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Teachers: Use Social Media for Educating Kids, Not Mocking Them

A Chicago teacher who made fun of one of her second-grade student's hairstyles online is just the latest example of social media misuse in schools.


Teachers, I know you get frustrated and have bad days, that's understandable, but the internet is not the place to vent about your students. No matter how private you think your Facebook page is, or how small your personal blog readership may be, what you've said will become a problem for you.

The latest example of online communication about students gone wrong comes from Chicago where a teacher at Overton Elementary on the city's South Side decided to mock one of her second grade student's hairstyles. Seven year-old Ukailya Lofton, who'd asked her mother to style her hair for picture day by tying Jolly Rancher candies to the ends of her braids, thought her teacher was being complimentary when she asked to take pictures of the hairdo.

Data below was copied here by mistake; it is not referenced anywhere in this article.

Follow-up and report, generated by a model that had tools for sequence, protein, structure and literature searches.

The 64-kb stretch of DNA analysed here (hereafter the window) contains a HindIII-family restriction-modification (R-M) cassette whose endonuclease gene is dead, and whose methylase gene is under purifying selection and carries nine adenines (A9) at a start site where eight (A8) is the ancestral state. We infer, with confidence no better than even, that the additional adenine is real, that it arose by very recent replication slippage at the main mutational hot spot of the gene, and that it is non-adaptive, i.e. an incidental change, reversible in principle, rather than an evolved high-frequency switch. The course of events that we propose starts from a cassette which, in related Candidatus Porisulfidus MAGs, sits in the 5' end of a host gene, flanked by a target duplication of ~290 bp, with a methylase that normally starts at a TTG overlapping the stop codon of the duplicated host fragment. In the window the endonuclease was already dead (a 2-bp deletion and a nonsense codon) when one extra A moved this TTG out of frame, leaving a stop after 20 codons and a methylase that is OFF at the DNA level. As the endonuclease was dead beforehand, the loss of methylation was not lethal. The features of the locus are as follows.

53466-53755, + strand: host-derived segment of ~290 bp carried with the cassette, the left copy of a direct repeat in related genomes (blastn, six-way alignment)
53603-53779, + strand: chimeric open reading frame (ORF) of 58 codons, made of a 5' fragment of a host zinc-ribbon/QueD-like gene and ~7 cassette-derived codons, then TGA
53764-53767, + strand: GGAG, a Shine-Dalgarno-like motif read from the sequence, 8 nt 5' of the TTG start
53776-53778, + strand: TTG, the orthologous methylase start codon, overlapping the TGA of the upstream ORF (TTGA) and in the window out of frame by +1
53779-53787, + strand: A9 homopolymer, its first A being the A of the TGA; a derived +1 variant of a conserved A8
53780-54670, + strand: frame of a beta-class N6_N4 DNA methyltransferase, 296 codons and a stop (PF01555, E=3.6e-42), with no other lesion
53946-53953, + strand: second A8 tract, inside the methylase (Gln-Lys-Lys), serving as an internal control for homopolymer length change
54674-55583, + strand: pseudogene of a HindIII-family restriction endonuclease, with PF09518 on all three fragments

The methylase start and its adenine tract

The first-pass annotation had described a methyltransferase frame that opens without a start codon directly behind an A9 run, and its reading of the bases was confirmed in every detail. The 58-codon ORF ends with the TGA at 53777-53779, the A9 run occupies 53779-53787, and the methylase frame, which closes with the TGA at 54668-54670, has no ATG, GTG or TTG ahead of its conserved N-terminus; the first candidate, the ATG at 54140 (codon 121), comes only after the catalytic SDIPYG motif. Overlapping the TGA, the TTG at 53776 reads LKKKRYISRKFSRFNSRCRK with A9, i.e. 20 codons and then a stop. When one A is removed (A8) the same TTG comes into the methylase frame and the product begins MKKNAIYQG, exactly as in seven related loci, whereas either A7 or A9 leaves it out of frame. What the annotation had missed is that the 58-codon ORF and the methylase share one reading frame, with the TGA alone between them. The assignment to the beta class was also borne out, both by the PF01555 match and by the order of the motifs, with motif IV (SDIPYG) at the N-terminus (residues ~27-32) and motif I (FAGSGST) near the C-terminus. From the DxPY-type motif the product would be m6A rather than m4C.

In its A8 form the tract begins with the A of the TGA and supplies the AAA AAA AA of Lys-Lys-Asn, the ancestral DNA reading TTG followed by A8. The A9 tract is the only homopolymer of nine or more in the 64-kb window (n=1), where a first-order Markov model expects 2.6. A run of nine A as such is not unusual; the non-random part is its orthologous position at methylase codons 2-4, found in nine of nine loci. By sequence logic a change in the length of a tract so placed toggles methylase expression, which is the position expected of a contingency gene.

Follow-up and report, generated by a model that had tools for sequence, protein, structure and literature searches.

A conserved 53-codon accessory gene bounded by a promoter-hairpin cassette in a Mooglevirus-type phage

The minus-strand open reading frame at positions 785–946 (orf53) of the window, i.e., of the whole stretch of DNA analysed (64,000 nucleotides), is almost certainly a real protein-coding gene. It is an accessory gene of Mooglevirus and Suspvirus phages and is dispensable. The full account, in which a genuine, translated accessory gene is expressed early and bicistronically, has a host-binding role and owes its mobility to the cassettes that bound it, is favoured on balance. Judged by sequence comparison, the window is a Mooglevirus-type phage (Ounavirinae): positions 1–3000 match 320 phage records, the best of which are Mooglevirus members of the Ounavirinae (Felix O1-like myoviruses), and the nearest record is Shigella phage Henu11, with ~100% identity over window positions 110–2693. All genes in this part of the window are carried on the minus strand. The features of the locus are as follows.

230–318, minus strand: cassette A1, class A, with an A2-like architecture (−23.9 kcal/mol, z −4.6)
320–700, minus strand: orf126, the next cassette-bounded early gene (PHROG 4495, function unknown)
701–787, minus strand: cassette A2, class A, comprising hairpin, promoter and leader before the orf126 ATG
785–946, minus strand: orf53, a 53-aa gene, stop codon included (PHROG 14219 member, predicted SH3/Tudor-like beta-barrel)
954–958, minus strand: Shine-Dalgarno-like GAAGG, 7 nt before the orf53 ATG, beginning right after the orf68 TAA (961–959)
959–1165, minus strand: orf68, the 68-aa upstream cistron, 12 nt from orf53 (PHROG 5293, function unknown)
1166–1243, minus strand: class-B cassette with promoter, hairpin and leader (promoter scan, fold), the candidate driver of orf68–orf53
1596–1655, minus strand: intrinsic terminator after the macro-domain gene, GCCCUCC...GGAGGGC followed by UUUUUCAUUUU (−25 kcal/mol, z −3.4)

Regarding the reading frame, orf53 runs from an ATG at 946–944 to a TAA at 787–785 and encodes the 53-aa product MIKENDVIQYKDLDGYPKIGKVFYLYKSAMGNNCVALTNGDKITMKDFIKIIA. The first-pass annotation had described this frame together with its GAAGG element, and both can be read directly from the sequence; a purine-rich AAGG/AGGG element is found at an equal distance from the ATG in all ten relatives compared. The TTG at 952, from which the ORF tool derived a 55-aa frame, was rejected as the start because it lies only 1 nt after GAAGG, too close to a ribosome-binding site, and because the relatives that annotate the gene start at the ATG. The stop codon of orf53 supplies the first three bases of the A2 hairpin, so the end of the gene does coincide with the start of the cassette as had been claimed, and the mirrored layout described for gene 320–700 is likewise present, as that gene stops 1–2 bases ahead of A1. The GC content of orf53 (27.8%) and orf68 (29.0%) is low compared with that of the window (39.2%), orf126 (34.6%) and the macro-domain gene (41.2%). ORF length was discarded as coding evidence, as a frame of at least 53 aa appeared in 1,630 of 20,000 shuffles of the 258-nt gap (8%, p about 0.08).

Sadly, the teacher posted the photos to Facebook where she and her friends proceeded to make fun of the child, allegedly writing things like, "'If you are going to make your child look ridiculous the least you could do is make them matching." But, what the teacher didn't realize is that one of her friends is also friends with Lofton's mother, Lucinda Williams. That friend copied the pictures and comments and emailed them to Williams. Now the teacher faces disciplinary action and Williams is suing over the emotional distress the whole incident has caused her daughter.

One year I had a boy who'd pick his nose, collect all the boogers into a pile, and roll them across his desk till they formed a ball. Yes, it was incredibly gross. But he was 10, in the third grade and he only read at a first-grade level. Making fun of him online or venting my frustrations about him wasn't going to help either of us. And when a mere 32 percent of Overton's students are proficient in reading, and only 52 percent are proficient in math, wouldn't Lofton's teacher be better off using social media to help this child academically instead?


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